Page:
every one of the Russian spies with whom Polish territory
had been flooded during the war, had been Jews. The Poles
in America had gathered money for the alleviation of suf-
fering in their home-land, and had given it to Jews, Ger-
mans, and Poles, irrespective of race. The Jews in America
had collected similar funds and had expended them only
among the Jews, From whatever point of view one ap-



proached him, the resident of Poznan had nothing good to
say of the Chosen People.

The story of Posen's existence under German rule, now
happily ended, was largely a repetition of what had already
been told me in Bromberg. In some ways this region had
been even more harshly treated, if my informants were
trustworthy. Polish skilled workmen "clear down to
button-makers" had been driven out of the province.
Great numbers had been more or less forcibly compelled
to migrate into Germany. There were at least four hundred
thousand Poles in the mines and factories of Westphalia.
Saxony was half Polish; the district between Hamburg
and Bremen was almost entirely Slavish in population.
The Ansiedler — the German settlers whom the government
had brought to Posen — had acquired all the best land.
On the other hand, German Catholics were not allowed to
establish themselves in the province of Posen, lest they
join their coreligionists against the Protestant oppressors.
Perhaps the thing that rankled most was the banishment
of the Polish language from the schools. One could scarcely
speak it with one's children at home, for fear of their using
it before the teacher. Many of the youngsters had never
more than half learned it. In twenty years more no one
would have dared speak Polish in public. Men had b6en
given three, and even four, months in prison for privately
teaching their children Polish history. The schools were
hopelessly Prussianized; the GeiTnan teachers received a
special premium of one thousand marks or more a year
over the regular salaries. All railway jobs went to Germans,
except those of section men at two marks a day. There
had been Polish newspapers and theaters, but they had
never been allowed any freedom of thought or action.

"The troublawith the German, or at least the Prussian,"
one new official put in, "is that it is his nature to get things
by force. He was born that way. Why, the Prussians



stole even their name; it was originally Barrusen, as the
little corner of Russia was called where the robbers first
banded together. They marauded their way westward
and southward, treading first little people and then little
nations under their iron heels. The very word the German
uses for "get" or "obtain" tells his history. It is kriegen,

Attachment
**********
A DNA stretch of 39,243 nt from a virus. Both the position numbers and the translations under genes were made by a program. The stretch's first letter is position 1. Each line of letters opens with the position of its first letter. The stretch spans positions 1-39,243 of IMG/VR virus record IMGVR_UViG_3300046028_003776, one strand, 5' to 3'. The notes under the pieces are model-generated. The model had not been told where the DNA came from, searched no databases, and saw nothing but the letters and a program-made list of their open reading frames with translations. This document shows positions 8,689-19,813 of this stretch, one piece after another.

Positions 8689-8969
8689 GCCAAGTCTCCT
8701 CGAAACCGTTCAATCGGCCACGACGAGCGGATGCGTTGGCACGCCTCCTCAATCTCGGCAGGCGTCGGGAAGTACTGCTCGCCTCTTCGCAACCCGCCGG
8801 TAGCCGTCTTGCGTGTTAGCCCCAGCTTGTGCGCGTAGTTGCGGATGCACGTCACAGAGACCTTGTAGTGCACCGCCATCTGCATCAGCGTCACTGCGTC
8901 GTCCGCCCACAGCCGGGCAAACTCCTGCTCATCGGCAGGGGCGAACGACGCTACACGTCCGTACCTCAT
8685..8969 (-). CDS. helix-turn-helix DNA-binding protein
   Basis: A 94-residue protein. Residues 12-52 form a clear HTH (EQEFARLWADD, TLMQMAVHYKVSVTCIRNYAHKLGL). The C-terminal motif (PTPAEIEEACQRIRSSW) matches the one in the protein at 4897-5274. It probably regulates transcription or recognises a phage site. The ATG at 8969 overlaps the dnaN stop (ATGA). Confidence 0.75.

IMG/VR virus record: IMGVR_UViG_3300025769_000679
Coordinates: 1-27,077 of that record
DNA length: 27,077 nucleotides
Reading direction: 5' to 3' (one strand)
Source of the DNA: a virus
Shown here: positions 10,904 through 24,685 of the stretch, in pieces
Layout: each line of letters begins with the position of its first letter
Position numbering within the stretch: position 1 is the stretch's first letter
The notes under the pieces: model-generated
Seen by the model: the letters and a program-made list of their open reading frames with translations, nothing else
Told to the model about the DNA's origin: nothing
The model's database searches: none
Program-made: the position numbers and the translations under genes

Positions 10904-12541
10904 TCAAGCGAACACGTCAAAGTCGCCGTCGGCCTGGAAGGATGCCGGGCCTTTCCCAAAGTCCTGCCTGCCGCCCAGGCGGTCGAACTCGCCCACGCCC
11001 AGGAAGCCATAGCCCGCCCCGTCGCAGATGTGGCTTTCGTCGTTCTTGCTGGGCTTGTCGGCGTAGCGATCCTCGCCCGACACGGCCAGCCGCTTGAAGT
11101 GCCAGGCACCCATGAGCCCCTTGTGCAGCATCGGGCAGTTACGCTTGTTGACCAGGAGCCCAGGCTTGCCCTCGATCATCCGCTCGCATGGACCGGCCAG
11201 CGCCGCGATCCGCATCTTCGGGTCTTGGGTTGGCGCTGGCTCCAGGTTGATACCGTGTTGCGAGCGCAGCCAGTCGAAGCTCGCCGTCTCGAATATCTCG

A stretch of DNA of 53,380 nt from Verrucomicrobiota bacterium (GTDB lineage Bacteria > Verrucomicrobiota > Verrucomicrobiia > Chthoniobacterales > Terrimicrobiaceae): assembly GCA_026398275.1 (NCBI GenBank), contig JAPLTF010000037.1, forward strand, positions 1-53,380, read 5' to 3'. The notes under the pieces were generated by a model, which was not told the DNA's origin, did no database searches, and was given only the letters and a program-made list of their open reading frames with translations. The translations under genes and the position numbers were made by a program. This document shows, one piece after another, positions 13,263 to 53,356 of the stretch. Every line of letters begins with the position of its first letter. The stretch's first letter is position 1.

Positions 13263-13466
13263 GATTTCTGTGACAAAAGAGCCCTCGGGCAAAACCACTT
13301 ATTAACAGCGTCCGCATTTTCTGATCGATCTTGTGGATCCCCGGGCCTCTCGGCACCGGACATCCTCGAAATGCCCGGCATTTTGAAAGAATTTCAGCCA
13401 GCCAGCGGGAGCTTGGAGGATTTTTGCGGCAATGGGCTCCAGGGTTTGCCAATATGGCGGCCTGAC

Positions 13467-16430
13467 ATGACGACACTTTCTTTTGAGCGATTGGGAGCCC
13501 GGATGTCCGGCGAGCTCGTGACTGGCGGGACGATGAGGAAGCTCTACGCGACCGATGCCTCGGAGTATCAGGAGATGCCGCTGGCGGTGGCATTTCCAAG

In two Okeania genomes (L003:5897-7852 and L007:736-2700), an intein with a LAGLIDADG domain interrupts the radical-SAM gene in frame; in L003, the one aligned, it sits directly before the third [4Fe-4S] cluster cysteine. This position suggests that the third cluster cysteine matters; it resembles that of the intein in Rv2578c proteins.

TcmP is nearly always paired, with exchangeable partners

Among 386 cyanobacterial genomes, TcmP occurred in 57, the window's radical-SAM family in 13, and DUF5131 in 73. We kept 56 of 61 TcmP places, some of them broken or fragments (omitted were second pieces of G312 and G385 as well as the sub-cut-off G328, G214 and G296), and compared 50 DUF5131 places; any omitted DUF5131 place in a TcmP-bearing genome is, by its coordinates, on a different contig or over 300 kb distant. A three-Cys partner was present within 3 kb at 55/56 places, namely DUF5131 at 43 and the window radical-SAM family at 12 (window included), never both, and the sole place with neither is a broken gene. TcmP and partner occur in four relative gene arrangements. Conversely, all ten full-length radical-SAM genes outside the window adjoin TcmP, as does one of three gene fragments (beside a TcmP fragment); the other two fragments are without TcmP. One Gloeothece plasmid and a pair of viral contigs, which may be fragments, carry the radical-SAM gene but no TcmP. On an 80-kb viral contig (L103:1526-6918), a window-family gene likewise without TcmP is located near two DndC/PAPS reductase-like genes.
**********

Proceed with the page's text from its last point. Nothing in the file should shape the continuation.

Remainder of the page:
to win by war — krieg. You seldom hear him use the
gentler bekommen. Everything he possesses he has gekriegt.
Then he is such a hypocrite! In 191 6, when we Poles first
began to suffer seriously from hunger, some German officers
came with baskets of fruit and sandwiches, gathered a
group of Polish urchins, filled their hands with the food,
and had themselves photographed with them, to show the
world how generous and kind-hearted they were. But
they did not tell the world that the moment the photographs
had been taken the food was snatched away from the
hungry children again, some of the officers boxing their
ears, and sent back to the German barracks. How do you
think the Poles who have been crippled for life fighting
for the 'Fatherland' feel as they hobble about our streets?
What would you say to serving five years in the German
army only to be interned as a dangerous enemy alien at the
end of it, as is the case with thousands of our sons who were^
notJ able to get across the frontier in time? No, the Ger-
mans in Poznan are not oppressed as our people were under
their rule. We are altogether too soft-hearted with them."

The German residents themselves, as was to be expected,
took a different view of the situation. When the Polish
authorities had decorated my passport with permission to
return to Berlin, I took no chances of being held up by the
cantankerous dyspeptic at Kreuz and applied for a new
vise by the German Volksrat of Posen. It occupied a
modest little dwelling-house on the wide, curving avenue
no longer recognizable under its former title of "Kaiser

Wilhelm Ring." Barely had I established my identity



when the gloomy Germans took me to their bosom. Had
I been fully informed of their side of the situation? Would
I not do them the kindness to return at eleven, when they
would see to it that men of high standing were there to
give me the real facts of the case? My impressions of Posen
would be wholly false if I left it after having consorted
only with Poles.

As a matter of fact I had already "consorted" with no
small number of German residents, chiefly of the small-
merchant class. Those I had found somewhat mixed in
their minds. A few still prophesied a "peasants' war"
in the territory allotted to Poland; a number of them
shivered with apprehension of a "general Bolshevist up-
rising." But fully as many pooh-poohed both those cheer-
ful bogies. One thing only was certain — that without
exception they were doing business as usual and would
continue to do so as long as the Poles permitted it. The
feeling for the "Fatherland" did not seem strong enough
among the overwhelming majority of them to stand the
strain of personal sacrifice.

When I returned at eleven the Volksrat had been con-
voked in unofficial special session. A half-dozen of the men
who had formerly held high places in the Municipal Council
rose ostentatiously to their feet as I was ushered into the
chief sanctum, and did not sit down again until I had been
comfortably seated. The chief spokesman had long been
something corresponding to chairman of the Board of
Aldermen. His close-cropped head glistened in the sun-
shine that entered through the window at his elbow, and
his little ferret-like eyes alternately sought to bore their
way into my mental processes and to light up with a win-
some naivete which he did not really possess. Most of